The Saint and the Scoundrel: Past and Present—A Martini Talk

Truth be told, I never liked straight gin straight up—at all. For whatever reason, when the rooster crows (what else is New Year’s Eve about?), I always start my night with a whiskey neat….

The Saint and the Scoundrel: Past and Present—A Martini Talk

Truth be told, I never liked straight gin straight up—at all.

For whatever reason, when the rooster crows (what else is New Year’s Eve about?), I always start my night with a whiskey neat. When I wake up, I always have something in my stomach that tastes like an Earl Grey tea bag—because I wanted to start off as bright as can be.

It never gets old. Nor does it get sloppy. And the length of time that I’ve been doing it hasn’t once, ever, made me want to start batting those martinis around.

Because when it comes to me and drinks, I tend to just start slow. I do the walk of shame. I do the little bit, then the big one.

And then I figure I might as well try to stick with something. Something that I’ve read has been passing for years. A speech-by-text readout from Janet Malcolm, the legendary journalist and author of “The Journalist and the Murderer.”

Her cure for bad pen pals:

My AARP is so bored with long-distance pen pals these days. I recommend a kind of moral support pill—something someone could sell to men. You could call it Moral Pill for Betting Envy. It would counteract those inveterate sexual fantasies of life under the pill regime.”

I’m in: Buy a pill! And so I did. And as soon as I landed on that Google product page, there were news of a “Betty Betty WASHINGTON” group and a newsletter, and I thought: maybe I should start using some interesting synonyms for “martini” that hadn’t entered my vocabulary (“flat martini,” “sippable steel jelly”).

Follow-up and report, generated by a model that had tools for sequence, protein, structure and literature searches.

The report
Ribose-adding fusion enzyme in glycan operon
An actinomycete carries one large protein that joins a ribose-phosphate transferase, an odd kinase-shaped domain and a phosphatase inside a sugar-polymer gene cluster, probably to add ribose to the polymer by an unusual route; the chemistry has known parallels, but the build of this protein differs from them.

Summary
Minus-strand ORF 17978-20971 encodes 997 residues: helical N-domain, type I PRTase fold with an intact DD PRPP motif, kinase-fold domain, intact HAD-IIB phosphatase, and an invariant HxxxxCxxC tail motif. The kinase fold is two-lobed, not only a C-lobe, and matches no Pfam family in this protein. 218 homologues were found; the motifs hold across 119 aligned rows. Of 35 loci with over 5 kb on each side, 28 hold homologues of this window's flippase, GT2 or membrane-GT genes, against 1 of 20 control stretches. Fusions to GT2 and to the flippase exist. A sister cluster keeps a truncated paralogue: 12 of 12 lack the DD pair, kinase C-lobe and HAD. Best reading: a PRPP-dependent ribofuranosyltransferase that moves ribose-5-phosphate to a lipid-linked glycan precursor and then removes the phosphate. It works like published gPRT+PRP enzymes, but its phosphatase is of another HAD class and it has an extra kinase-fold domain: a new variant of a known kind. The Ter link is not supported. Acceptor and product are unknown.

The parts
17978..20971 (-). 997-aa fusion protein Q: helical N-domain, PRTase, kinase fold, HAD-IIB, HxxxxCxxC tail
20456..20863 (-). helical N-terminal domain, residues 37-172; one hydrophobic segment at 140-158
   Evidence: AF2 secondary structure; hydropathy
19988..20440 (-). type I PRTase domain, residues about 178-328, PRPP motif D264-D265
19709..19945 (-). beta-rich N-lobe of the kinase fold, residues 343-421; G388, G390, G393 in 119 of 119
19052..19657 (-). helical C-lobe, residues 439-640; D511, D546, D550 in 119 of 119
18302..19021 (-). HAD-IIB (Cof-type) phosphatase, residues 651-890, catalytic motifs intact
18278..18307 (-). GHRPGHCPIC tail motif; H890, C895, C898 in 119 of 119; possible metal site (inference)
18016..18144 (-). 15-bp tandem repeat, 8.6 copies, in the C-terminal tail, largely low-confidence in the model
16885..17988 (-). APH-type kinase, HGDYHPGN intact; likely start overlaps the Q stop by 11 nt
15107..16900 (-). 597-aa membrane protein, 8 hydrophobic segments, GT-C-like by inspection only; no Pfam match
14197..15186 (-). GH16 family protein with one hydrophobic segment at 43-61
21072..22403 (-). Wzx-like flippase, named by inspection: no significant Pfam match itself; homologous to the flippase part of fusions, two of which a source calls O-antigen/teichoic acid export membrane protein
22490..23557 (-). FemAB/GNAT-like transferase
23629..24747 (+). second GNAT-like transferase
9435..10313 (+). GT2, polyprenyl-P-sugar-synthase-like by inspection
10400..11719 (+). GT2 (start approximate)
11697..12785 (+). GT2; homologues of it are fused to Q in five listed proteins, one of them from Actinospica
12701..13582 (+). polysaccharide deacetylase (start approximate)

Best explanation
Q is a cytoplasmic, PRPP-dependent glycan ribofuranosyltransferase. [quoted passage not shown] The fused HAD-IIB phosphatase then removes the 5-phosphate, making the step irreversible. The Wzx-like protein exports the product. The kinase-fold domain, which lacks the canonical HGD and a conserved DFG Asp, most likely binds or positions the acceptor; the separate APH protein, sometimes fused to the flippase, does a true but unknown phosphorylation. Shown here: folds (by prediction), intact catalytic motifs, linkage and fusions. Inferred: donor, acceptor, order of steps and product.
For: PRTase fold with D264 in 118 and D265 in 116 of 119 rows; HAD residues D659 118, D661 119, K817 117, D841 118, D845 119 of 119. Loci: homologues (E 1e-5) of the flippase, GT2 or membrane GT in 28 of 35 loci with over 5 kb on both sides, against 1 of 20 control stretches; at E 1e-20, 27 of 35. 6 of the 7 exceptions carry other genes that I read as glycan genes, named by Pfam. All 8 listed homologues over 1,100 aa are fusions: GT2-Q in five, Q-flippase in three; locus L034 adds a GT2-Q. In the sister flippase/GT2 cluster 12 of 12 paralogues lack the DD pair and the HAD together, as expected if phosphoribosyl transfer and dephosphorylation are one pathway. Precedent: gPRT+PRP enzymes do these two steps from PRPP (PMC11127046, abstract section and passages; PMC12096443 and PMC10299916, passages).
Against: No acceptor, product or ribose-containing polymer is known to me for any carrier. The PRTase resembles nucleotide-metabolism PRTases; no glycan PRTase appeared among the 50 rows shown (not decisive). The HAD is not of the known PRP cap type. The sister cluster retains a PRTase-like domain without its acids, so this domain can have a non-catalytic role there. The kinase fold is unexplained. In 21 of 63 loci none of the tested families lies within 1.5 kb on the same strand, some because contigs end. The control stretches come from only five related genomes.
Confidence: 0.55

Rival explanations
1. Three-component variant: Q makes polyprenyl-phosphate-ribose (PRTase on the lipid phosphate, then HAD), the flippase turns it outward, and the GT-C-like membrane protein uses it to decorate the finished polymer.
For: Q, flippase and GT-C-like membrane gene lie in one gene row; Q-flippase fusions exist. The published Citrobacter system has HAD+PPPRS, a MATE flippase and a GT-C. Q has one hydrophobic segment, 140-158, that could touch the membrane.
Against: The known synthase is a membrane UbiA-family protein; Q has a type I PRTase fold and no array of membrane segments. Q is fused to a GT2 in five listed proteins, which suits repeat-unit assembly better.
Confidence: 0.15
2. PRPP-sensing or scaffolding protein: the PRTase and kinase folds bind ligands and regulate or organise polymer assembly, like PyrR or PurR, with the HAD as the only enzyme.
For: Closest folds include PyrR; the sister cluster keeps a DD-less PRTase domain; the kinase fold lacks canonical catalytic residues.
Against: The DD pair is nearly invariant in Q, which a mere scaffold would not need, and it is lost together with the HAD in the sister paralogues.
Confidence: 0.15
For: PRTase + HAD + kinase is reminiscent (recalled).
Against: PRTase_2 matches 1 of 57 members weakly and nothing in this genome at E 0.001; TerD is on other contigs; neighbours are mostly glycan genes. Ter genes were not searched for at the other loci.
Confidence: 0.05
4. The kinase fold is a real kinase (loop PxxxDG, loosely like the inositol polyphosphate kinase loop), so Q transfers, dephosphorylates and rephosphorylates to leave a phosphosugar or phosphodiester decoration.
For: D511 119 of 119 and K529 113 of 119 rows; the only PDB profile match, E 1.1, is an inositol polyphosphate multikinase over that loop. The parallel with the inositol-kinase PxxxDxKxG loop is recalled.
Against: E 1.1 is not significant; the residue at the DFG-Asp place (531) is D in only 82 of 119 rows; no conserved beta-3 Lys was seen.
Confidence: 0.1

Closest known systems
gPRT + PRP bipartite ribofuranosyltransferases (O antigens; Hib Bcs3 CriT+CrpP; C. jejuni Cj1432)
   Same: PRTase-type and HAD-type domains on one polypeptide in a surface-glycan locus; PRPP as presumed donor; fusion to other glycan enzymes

On two separate occasions, without actually deciding that I needed an actual letter, I posted a “best-bet martini” variation on Facebook.

I thought I was being safe. Safe. I swear, I did. But here’s what actually happened: another Betty Betty WASHINGTON—a Facebook-friend account account that had been dormant for a couple years—liked the post and commented. Before long, many others “posted comments.” By the time my post was up in the evening, it was hitting its peak (my favorite number, by the way), and by midnight, it was viral.

Many, many people commented on my fake discussion of the “Betty Betty WASHINGTON.” And before long, my first-dibs-first housemate had told me that she had been “pinched” by one of my Facebook pen pals; they had both talked in about 48 hours in which their conversations (I believe the word comes to me from them) gave me both literal and logical insights about a 14-year-old woman.

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